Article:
Born on January 28th, 1929, my father, Belfield Duke, lived a lengthy life which consisted of varied levels of experiences. Belfield, Egerton Duke was an icon of an era. As an icon he represented a masculinity of a bygone epoch. He never broke with the traditionalist view of women and his sense of his own masculinity. Belfield was also legend who exuded a physical presence that outstripped his slim stature. Now a legend is a tale handed down through generations about a person or place. My father was revered and thus thrust into legendary status by the stories passed down about him across generations. Meanwhile in keeping with the genre of status he made the rules and broke them on his own terms. Growing up in the Belfield household one had to come to terms with that quite early.
Belfield may have been flawed but he was by no means a bland character. And, although one may have condemned the relative recklessness with which he pursued life one could not help but root for him. Not that the opinions of others could faze him for he was one who refused to be fettered.
It was about 5;15 on February 8th, 2018 When I learned that my father had passed. When I got the call, I estimated that something was perhaps wrong with my father, but I did not expect death. I knew how old he was, and I know with my head that death is inevitable, but the news hit me like an avalanche. I began to cry and was overcome with grief. In that year of my father’s birth, my favorite author Ernest Hemmingway published Farewell to Arms reflecting on world War 1. On February 8th Belfield Duke’s battles were over. He had written the final chapter of his book. He officially said his farewell to arms.
Belfield’s death represents the end of an era. He was the last of his siblings, his peers. He was Ike a physical symbol, a fixture It seemed like would he would always be there, immovable in the shifting sands of time. In losing him we have lost, a griot of family and community history. For Belfield’s children, in his dying he has taken a piece of our hearts with him. I cared for my father and was committed to love him despite what happened. I am sure in his way he loved me too.
My Father’s Legacy
My father imparted to us his children certain robust values that guide the way we interact with others and which have become part of our definers. He stated repeatedly in no uncertain terms and I quote, “Not a bitch and their brother are better than me”. As a result, we developed the inability to feel inferior to any man whatever his status. The unintentional fall out however was that some feel intimidated and read a challenge where there is none.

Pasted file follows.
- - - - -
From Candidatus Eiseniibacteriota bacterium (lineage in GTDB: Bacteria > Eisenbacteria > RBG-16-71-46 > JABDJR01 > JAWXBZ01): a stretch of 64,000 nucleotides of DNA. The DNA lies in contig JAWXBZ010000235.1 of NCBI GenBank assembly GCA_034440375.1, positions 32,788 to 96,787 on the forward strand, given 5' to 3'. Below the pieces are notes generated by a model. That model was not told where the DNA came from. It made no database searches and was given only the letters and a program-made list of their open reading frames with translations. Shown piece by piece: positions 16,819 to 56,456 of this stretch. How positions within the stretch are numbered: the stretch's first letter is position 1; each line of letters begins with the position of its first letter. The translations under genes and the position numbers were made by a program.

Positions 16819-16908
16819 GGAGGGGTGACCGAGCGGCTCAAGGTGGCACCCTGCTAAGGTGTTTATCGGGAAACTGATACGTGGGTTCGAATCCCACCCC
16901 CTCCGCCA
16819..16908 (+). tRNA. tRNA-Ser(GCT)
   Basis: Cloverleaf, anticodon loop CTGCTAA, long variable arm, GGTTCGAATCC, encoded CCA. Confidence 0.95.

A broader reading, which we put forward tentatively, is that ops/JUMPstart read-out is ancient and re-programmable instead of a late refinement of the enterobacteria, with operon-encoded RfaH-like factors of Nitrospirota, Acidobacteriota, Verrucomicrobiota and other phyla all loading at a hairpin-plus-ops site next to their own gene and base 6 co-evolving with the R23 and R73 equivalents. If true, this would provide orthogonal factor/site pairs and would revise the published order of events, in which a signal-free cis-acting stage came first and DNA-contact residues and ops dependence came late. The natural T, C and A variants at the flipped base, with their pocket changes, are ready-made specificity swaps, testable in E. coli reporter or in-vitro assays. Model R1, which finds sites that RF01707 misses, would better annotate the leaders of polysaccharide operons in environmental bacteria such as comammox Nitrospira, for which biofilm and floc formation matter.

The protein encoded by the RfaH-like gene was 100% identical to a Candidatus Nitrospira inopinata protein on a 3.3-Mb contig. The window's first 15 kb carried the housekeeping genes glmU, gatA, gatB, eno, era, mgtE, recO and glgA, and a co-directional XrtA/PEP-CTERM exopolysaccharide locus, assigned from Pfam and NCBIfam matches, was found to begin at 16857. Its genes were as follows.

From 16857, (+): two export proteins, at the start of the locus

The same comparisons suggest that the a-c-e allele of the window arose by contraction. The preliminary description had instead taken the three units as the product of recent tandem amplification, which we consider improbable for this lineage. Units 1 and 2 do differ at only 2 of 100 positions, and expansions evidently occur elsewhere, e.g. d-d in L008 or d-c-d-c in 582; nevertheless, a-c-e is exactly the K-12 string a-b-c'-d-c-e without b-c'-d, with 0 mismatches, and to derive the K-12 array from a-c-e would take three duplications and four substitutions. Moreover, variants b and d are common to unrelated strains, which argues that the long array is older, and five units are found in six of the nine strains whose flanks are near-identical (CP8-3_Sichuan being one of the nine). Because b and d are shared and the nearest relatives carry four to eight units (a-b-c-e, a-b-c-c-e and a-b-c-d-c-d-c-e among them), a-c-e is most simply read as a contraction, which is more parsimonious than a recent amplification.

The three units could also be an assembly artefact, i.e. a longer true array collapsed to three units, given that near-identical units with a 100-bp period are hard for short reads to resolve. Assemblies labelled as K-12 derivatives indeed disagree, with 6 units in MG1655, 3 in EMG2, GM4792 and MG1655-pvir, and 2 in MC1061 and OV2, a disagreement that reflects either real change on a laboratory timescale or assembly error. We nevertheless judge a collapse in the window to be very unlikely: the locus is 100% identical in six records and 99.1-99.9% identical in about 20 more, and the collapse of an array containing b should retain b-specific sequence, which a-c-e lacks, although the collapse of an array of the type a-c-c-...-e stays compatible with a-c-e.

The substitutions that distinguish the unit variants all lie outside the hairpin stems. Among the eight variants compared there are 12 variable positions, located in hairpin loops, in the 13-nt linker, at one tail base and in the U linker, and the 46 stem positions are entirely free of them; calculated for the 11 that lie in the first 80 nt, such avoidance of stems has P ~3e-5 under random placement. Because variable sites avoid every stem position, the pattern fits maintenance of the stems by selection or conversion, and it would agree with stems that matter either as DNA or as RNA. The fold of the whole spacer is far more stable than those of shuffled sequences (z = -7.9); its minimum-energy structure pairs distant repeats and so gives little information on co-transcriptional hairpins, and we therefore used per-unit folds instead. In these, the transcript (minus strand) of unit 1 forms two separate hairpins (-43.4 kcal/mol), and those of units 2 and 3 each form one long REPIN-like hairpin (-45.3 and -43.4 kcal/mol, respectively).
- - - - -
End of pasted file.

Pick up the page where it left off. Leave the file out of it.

My father was a tour de force on the dance floor. The names of dances would roll off his tongue as a foreign mantra. Foxtrot, meringue, bolero and waltz were among the dances he would name. Yes, Belfield Duke was a dancer. Belfield Duke was also known for his graciousness as a host. I remember well how at harvest celebrations he would bring fellow workers home and my mother the dutiful wife she was, would cook up a storm in her efforts to support his desire to entertain. Meanwhile, like the country bumpkins we were we would climb up to the lattice work to look down at the guests, and report on the goings on to other siblings below. These snippets were sources of humor which ultimately became grafted in to our ongoing comedy routines.
And Belfield was a masterful story teller. He would tell us so many stories. His repertoire was inclusive of Iocal myths. As the passionate story teller, he was, he would create Science fiction stories based on his hunting experiences in the belly of the dark bushes. Then as a dramatist in true Off Roadway fashion he would enact those stories before a rapt audience; his children. Meanwhile we would be afraid to go to our beds for fear of reliving in dreams these scary scenes of his experience
I am most proud of his capacity to build physical things. He was an uncredentialled architect whose signature is stamped on almost 25% of the houses in the small town in which we lived. I was so proud of his skill status and competencies. As a construction manager he not only employed others but imparted his skills to would be apprentices thus spawning and investing in the career of others. So, death can be proud it has such a one in his grip (John Donne).
Oh, how I wanted to be there to offer words to comfort my father as he passed. I was missing him for such a long time but now he is lost to me forever. My dear father, like Orion you were once the brightest star but now you have faded into oblivion. Ironically, now your life has dimmed, it magically lights up my heart with unquenchable love for you. All is forgiven daddy. Farewell.
By Ingrid Rizzolo-Author of Splendor from Ashes